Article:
Arias from Miss Julie, The Nightingale, Troilus and Cressida,
Susannah, Rusalka, Peter Grimes, Vanessa, Paul Bunyan, Monsieur Beaucamp,
of the Screw, Wuthering Heights, Die tote stadt, and Die Lustige
Duets from Faust, I pescatori di perle, Carmen, Otello,
Iris, La bohème, and Turandot
Arias from Figaro's Hochzeit, Don Juan, Wilhelm Tell, Der
fliegenda Holländer, Tannhäuser, Lohengrin, Die Meistersinger,
Das Rheingold, Siegfried, Il Re di Lahore, L'Africana, Aida
Aris from Il trovatore, Lohengrin, Aida, Carmen, Prodaná nevesta,
Evgenije Onjegin, Cavalleria rustyicana, I pagliacci, Andrea Chenier, Tosca,
Der Liebe der Danae
Soprano Kate Royal's latest CD is a fascinating collection that focuses on the unusual. What a pleasure it is to hear arias from operas by Alwyn's Midsummers Night, Walton's Troilus and Cressida, Floyd's Susanna, Barber's Vanessa, Stravinsky's and Messager's setting of the nightingale, three operas of Britten: Peter Grimes, Paul Bunyan and The Turn of the Screw, and, particularly, the exquisite aria from Herrmann's Wuthering Heights. Royal's sumptuous voice is beautifully controlled in all of these, with only a touch of stridency at the top. Tenor Andrew Staples and baritone Thomas Allen are briefly heard, along with the Crouch End Festival Chorus. This is a major release on the vocal scene, very well recorded, with complete texts in three languages.
Some years ago, this site mentioned a Preiser CD devoted to the stunning soprano Selma Kurz (REVIEW). Details of her remarkable career can be read in that review, which covers recordings made from 1923-24. Now the same label has issued their second solo disk of Kurz recordings, made 1910-1914 when she was in her prime. Again sparks fly—what a remarkable artist and technician she was! This is a valuable release—and if you've never heard Kurz, do it now!
Soprano Rosanna Carteri (b. 1930) is best-known for her 1956 Rome recording of La traviata with Cesare Valletti and Leonard Warren and Pierre Monteux conducting. When only 18 she made her operatic debut in 1949 as Elsa in Lohengrin at the Baths of Caracalla creating a sensation and overnight she was an operatic star. In 1952 she sang Desdemona in Otello at the Salzburg Festival (with Ramon Vinay, Wilhelm Furtwängler conducting). She wisely sang lighter Puccini and Verdi roles as well as many contemporary works , and retired in the late '60's. She lives today in Monte Carlo. She considers the recordings on Preiser's new CD to be her best, and we have the pleasure of hearing her in these duets with Giuseppe Di Stefano recorded in 1957 with Antonio Tonini conducting, and a selection of arias from 1952 with Arturo Basile on the podium. Although she was overshadowed by other sopranos of her era (she never was invited to the Met), her solid technique and musicality are ever apparent in these recordings.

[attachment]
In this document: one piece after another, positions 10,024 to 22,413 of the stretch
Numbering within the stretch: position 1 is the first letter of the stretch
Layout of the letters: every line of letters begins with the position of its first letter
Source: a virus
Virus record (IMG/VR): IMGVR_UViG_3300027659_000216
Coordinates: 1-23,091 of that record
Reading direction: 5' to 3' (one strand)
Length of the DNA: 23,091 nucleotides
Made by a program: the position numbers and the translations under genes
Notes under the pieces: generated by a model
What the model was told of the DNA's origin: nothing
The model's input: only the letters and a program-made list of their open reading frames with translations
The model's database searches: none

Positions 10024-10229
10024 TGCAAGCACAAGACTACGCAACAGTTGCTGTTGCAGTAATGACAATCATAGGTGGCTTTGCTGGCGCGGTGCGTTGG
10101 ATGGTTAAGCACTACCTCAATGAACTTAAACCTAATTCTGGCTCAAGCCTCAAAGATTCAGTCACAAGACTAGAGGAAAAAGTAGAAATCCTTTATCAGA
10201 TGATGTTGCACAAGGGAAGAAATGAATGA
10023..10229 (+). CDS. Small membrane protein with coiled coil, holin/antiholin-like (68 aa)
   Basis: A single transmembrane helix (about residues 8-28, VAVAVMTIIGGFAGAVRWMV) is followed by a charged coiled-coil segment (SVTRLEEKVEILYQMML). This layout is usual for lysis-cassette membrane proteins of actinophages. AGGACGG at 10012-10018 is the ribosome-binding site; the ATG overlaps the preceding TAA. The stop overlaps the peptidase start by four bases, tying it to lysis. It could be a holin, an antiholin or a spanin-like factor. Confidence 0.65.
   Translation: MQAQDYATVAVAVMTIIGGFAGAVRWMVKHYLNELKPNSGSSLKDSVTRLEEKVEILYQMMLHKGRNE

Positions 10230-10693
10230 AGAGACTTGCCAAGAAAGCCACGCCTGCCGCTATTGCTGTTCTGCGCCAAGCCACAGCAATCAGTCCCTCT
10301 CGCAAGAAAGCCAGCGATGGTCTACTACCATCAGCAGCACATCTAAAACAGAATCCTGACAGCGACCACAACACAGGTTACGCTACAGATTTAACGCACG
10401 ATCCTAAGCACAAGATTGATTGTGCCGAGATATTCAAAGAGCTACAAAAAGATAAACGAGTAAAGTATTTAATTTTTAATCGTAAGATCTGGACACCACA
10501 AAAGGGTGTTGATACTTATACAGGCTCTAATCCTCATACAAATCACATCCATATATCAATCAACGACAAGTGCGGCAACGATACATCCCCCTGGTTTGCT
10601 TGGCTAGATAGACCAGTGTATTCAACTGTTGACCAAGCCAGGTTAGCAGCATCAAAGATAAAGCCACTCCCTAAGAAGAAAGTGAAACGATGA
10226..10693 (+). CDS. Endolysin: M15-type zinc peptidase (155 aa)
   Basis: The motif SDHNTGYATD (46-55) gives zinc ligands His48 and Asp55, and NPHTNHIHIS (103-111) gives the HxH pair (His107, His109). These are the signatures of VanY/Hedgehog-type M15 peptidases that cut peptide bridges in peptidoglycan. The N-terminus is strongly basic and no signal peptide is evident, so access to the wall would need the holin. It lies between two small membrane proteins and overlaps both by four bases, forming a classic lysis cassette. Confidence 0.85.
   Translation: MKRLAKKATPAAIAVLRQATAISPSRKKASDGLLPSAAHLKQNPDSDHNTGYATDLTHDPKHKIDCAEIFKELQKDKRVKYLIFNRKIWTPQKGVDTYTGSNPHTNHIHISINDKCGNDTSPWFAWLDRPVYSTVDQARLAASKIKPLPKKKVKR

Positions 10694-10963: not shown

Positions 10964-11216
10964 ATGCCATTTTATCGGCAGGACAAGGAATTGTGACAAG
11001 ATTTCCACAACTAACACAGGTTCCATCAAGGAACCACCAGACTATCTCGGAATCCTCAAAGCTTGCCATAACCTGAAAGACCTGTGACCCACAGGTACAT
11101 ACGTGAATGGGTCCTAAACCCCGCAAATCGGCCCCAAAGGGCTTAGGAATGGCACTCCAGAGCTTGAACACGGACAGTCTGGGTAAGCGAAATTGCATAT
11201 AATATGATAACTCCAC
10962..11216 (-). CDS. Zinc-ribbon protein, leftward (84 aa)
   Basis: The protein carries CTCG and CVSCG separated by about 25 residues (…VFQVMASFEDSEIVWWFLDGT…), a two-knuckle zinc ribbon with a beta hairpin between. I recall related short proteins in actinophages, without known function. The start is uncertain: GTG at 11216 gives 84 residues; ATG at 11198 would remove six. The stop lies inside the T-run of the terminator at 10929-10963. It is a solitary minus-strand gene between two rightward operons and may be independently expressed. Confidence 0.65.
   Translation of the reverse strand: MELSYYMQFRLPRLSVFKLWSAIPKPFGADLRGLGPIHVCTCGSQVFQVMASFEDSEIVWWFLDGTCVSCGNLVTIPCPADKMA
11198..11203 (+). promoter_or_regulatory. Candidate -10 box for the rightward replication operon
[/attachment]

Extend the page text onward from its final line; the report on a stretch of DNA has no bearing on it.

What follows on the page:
Fritz Feinhals, born in Cologne in 1869, was a true heldenbariton. His distinguished career began in 1895 with a minor role in a performance in Essen of Meyerbeer's Les Huguenots. He became well known for his performances of Silvio and Escamillo, and sang his first Wagner (Dutchman/Telramund) in 1897, his first Wotan later that year. Soon he was a major Wagnerian baritone singing primarily in Munich. During his one season at the Met (1908-1909), he sang Walküre, Tristan, Meistersinger, Parsifal, Tiefland, and Aida. Recordings on Preiser's CD were made 1907-1911 and should represent Feinhals at the peak of his career, but some of his singing is unsteady, and perhaps the acoustic recording technique doesn't flatter his voice. Still, this is a disk of considerable interest.
The final Preiser CD in this group is odd indeed. Josip Gostic (b.1900 in Belgrade. d. -1963 in Belgrade) first appeared in opera in Ljubljana and Zagreb but soon became a favorite in Vienna where for some years he sang many major tenor roles. A highlight of his career was when he sang Midas in the first public performance of Strauss's Die Liebe der Danae in 1952 with Clemens Krauss conducting at the Salzburg Festival. "In Syriens Glut trich ein armer Knabe den treuen Esei" from this performance is heard on Presier's disk, sung admirably by Gostic—which cannot be said of the remainder of the CD: ten arias recorded on unidentified dates, presumably very late in his career. His singing in these is, to put it kindly, mediocre. Tenor Dusan Georgevic (1909-1999), a contemporary of Gostic, shares this disk. Little is known of him; Georgevic sang mostly in Italy and in 1936 sang Andrea Chenier with soprano Zinka Kunc (later Milanov). He also was an engineer and served in the U. S. Army for 24 years. Georgevic continued to perform concerts until 1964 and died in 1999. Preiser's CD offers 6 recordings made in 1948 for Decca with Alberto Erede and the Suisse Romande Orchestra. On these Georgevic displays an assured, sensitive voice; surely his participation is the reason to own this CD—except for those who wish to hear a segment from the premiere of the Strauss opera
R.E.B. (September 2009)